Wednesday, 18 March 2015

Indie Gaming: Torchlight 2

Starting Torchlight 2 was a strange experience for me. I had tried the first game in the series some time ago, but had bounced right off it almost immediately. The style and tone of the game seemed to lean towards light-hearted humour rather than the diablo-like grimdark I was expecting.

The second game was not that much different, only this time the plot assumed some amount of previous experience with the series. Even now, I don't really have much appreciation for the world or it's oddly named residents, as it is a little light on in-game explanations.

Mechanically though, the game is sound. It took very little time for me to happily start bashing evil dudes and getting that precious experience points and loot. I've even restarted the game entirely to swap my character class, and despite repeating the first sections of the game I enjoyed it almost as much the second time around.

The large, open environments are certainly part of the charm. The entire game is reminiscent of Diablo 2, but with it's own style running throughout. Of course this is to be expected with some common staff between the two games, but it doesn't suffer for this comparison. The music in particular I found excellent, a perfect match for the atmosphere the game creates.

It can be difficult to create a fantasy world these days, you can easily fail by either sticking too close to a Tolkien-like formula, or by straying too far away. Torchlight 2 departs from the normality of generic fantasy, and instead opts for a collection of disparate peoples. You are introduced to them as you progress through the world, but I feel like none have quite the impact that they could, beyond being different for differences sake. Perhaps had I played the first game I'd be more attuned to the lore of the game.

It's the mechanics which make the game stand out more, and the way each level and dungeon has been so lovingly crafted. Even silly side-quests have a lot of thought put into them, such as the pirate-themed, Goonies-referencing quest to defeat the ghost of One-Eyed Willy, or the occasional mazes and other puzzle sections.

While the evidence is there of things borrowed from the previous games the developers have worked on, they have also learned from past experience and looked to improve upon other games of this type. Each character class has their own unique abilities, but the level of choice allows you to tailor your character to suit your play style. I prefer ranged combat and passive abilities to boost my character, and began with an Outlander (with dual pistols), before switching to an Ember Mage (elemental magic).

To a certain extent, it's all about clicking, timing and so forth, but it's that myriad of small choices that typify this genre, and Torchlight 2 does it rather well. You can sacrifice attack speed for range or power, or perhaps rely on tailoring your attacks towards your enemies elemental weaknesses. Do you rain fire from far away, or get stuck into the thick of the action?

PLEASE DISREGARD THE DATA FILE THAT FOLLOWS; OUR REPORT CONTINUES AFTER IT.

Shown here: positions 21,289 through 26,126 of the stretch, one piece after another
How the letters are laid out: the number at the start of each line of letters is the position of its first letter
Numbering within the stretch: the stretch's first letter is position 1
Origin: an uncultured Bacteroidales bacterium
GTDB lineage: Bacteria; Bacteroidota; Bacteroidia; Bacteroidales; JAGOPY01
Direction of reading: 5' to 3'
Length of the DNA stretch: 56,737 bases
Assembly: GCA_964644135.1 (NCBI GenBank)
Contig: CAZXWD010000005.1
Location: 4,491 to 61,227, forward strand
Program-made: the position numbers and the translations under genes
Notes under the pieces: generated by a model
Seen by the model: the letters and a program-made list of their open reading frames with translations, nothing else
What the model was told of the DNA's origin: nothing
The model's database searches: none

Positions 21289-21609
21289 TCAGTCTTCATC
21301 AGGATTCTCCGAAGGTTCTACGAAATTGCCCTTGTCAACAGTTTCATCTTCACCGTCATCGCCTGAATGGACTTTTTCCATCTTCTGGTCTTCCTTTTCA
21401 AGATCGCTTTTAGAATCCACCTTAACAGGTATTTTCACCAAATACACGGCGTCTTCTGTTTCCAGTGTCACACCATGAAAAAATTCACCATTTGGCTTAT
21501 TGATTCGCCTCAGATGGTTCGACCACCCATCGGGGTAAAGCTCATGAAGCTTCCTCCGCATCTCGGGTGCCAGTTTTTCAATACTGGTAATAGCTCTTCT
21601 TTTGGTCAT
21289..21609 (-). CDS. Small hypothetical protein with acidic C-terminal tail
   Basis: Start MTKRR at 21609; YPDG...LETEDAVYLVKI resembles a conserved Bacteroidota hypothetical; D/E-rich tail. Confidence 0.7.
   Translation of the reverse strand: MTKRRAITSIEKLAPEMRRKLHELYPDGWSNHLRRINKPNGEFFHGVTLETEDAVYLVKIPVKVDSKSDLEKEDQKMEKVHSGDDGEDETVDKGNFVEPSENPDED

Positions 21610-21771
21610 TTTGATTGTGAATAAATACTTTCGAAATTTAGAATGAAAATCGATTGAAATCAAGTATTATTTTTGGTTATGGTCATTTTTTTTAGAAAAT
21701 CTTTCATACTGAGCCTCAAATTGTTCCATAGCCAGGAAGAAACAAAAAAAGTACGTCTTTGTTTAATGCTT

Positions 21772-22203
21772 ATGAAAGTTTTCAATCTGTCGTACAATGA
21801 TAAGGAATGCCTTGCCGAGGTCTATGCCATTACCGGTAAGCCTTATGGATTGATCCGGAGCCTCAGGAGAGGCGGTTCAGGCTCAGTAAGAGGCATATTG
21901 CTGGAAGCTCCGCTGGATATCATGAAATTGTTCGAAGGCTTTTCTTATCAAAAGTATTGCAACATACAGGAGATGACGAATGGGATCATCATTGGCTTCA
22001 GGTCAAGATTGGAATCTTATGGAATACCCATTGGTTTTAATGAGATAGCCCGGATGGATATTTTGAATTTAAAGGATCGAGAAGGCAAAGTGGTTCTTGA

I found the most fitting style for myself was the magic using route, which combines ranged attacks with great visuals. The range of spells is based largely on four elemental forces, and I've chosen to stick with mainly fire and electric attacks. As with many skill trees (although this isn't exactly a tree, but certain skills unlock at certain levels), there are some skills that appear more useful than others and certainly it seems prudent to level up a small variety of skills rather than trying them all. You can respec to a certain degree, but you can't rely on that too much. I imagine on harder difficulties it would require a little planning ahead to get the best balance.

Equipment is as usual for such games, plentiful and varied. The basic stuff you find in abundance merely serves to provide a contrast for those more exotic pieces that occasionally fall into your lap. On top of that, there are a few ways to boost the usefulness of your existing equipment. Item sets give you bonuses for matching items from that set, but they generally are minor. Enchanters can be found to boost the stats on your items in a particular way for a stack of gold (for example, you might find one that will enchant items with fire three times, adding damage to weapons or resistance to armour). Finally there are the sockets. Some items come with sockets, and you can find ways to increase the amount of sockets, and they can be very useful. Socketable items range from the basic elemental types to rarer and unique ones. It's a minor variation of the Diablo II formula, but provides a similar experience. It's better in some ways due to unique weapons sometimes being able to be socketable, and I've usually tried to get at least one socket on each item I use (some have four!).

So far I've made it perhaps about half way through the game, two thirds at best. The game can get a bit repetitive at times, but I feel that's an issue I have with the genre in general rather than this game in particular. Sometimes the large maps with only a small variety of enemies can overstay their welcome. The big set-piece boss fights are very good though, and I only wish the filler content was a touch better at times.

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